Studio Ghibli Announces Earwig and The Witch CGI Adaptation

Studio Ghibli officially announced their first fully CGI film, based on Earwig and the Witch by Diana Wynne Jones, the author of Howl’s Moving Castle.

In an official blogpost, Studio Ghibli confirmed the new film was in production, and would be broadcast on NHK this winter season. The Japanese title of the film appears to change the protagonist’s name from Earwig to the more Japanese-friendly Aya as the film’s Japanese title is Aya to Majo (Aya and the Witch).

A summary of the book via publisher Harper Collins is available to read below.

” ‘I would like to declare Diana Wynne Jones an international treasure,’ proclaimed Neil Gaiman, Newbery Medalist and best-selling author. In this enchanting introduction to Diana Wynne Jones’s magical and funny work, Earwig is a fearless young orphan. When she finds herself in a house of dark magic, she does whatever she can to adapt—especially if it means that she’ll learn a little magic herself! A young middle grade novel by World Fantasy Award for Lifetime Achievement‒winner Diana Wynne Jones, beautifully illustrated in black and white by Caldecott Medalist Paul O. Zelinsky.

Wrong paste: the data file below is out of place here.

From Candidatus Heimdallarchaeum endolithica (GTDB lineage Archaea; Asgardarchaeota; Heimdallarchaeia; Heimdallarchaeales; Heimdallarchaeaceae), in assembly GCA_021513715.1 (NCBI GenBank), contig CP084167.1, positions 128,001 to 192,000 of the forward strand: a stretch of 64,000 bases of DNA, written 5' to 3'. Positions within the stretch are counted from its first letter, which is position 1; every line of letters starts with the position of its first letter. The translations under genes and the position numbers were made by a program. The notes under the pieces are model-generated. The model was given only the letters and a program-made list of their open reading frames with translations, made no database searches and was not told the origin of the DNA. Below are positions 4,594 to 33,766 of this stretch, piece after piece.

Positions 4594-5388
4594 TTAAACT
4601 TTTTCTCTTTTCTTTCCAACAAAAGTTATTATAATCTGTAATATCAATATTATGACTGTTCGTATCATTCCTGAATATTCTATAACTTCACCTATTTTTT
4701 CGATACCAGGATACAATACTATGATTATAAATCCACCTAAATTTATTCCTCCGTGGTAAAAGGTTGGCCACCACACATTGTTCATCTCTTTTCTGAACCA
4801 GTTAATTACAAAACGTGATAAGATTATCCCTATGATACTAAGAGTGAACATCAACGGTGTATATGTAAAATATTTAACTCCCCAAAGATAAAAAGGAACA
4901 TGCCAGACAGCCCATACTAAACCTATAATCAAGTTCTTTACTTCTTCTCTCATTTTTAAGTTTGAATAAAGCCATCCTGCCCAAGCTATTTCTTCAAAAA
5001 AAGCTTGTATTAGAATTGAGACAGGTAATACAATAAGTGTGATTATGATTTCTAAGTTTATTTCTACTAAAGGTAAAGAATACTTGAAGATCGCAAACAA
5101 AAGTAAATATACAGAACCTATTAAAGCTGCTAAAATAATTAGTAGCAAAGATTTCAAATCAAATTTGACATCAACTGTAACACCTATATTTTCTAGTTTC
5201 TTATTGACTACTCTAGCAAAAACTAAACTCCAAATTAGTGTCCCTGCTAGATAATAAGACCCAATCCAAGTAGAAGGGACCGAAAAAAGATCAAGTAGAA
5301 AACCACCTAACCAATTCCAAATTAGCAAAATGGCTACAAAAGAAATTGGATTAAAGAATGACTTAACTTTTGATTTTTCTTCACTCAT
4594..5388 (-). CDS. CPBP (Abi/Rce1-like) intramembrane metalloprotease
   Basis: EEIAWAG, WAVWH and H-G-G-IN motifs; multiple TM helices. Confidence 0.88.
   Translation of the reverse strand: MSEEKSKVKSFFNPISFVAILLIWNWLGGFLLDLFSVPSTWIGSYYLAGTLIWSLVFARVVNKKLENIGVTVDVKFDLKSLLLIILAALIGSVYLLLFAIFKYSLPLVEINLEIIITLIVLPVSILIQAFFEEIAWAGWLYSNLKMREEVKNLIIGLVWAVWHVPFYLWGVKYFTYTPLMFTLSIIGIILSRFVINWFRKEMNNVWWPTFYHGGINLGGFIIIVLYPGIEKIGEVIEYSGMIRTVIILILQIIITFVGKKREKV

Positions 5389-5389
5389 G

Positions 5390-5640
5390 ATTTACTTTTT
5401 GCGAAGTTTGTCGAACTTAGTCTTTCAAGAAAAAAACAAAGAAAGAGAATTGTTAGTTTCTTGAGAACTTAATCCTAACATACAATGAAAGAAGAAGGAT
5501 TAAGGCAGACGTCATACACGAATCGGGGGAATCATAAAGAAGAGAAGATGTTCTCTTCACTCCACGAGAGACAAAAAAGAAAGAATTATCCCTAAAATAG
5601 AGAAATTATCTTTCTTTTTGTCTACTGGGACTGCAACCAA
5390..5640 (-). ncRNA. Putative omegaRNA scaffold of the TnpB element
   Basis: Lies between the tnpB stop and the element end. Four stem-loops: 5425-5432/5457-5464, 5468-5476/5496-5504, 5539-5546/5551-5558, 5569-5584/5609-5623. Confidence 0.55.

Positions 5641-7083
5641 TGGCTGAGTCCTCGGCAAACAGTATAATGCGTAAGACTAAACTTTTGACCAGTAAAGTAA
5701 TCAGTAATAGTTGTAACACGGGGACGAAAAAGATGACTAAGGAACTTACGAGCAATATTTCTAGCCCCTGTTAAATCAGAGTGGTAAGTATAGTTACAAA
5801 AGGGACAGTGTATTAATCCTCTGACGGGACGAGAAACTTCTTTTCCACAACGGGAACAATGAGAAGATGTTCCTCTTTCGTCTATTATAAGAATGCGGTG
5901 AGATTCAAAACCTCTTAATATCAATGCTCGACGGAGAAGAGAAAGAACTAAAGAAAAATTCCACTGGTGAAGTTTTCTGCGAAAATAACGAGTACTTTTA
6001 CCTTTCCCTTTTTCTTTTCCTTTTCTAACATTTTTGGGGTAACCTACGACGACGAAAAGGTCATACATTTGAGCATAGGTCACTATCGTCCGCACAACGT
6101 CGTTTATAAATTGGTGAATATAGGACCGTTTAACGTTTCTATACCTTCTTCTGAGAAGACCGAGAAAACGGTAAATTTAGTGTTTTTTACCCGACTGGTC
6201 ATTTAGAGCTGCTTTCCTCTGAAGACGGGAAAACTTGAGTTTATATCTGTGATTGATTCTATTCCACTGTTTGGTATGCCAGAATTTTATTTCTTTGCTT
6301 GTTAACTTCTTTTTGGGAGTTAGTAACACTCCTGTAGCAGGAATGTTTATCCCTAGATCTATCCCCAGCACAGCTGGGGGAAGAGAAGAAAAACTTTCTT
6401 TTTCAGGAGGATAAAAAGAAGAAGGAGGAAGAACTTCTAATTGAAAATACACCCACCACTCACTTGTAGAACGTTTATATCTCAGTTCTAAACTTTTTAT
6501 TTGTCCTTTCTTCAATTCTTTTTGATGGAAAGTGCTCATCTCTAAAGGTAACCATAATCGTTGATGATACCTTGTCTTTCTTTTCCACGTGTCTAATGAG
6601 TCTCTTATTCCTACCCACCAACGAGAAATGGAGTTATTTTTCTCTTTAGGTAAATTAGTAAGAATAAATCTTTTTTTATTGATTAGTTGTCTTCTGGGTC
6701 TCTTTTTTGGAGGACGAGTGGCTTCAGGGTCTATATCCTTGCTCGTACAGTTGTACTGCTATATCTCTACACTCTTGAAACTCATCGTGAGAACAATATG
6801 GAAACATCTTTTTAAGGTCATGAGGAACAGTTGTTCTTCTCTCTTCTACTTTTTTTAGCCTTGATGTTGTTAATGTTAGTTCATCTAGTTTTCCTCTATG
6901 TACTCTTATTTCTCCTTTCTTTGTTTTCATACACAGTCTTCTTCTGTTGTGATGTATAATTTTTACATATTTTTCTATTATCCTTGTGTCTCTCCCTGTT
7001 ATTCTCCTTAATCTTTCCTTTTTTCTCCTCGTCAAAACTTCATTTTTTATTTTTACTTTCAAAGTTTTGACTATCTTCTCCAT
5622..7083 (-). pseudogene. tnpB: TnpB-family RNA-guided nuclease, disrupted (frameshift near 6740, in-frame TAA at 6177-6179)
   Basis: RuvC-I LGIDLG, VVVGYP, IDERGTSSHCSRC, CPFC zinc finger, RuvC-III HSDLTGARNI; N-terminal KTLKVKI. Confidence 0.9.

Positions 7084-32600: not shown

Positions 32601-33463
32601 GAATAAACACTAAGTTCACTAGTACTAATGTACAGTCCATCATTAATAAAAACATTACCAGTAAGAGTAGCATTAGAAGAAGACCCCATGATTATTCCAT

‘Not every orphan would love living at St. Morwald’s Home for Children, but Earwig does. She gets whatever she wants, whenever she wants it, and it’s been that way since she was dropped on the orphanage doorstep as a baby. But all that changes the day Bella Yaga and the Mandrake come to St. Morwald’s, disguised as foster parents. Earwig is whisked off to their mysterious house full of invisible rooms, potions, and spell books, with magic around every corner. Most children would run in terror from a house like that . . . but not Earwig. Using her own cleverness—with a lot of help from a talking cat—she decides to show the witch who’s boss.’ “

Hayao Miyazaki’s son Goro Miyazaki will be directing Aya to Majo, and with Studio Ghibli co-founder Toshio Suzuki producing.

Aya to Majo will be Studio Ghibli’s first full length CG film when it premieres this winter on NHK TV in Japan.

Image: Harper Collins Publishers

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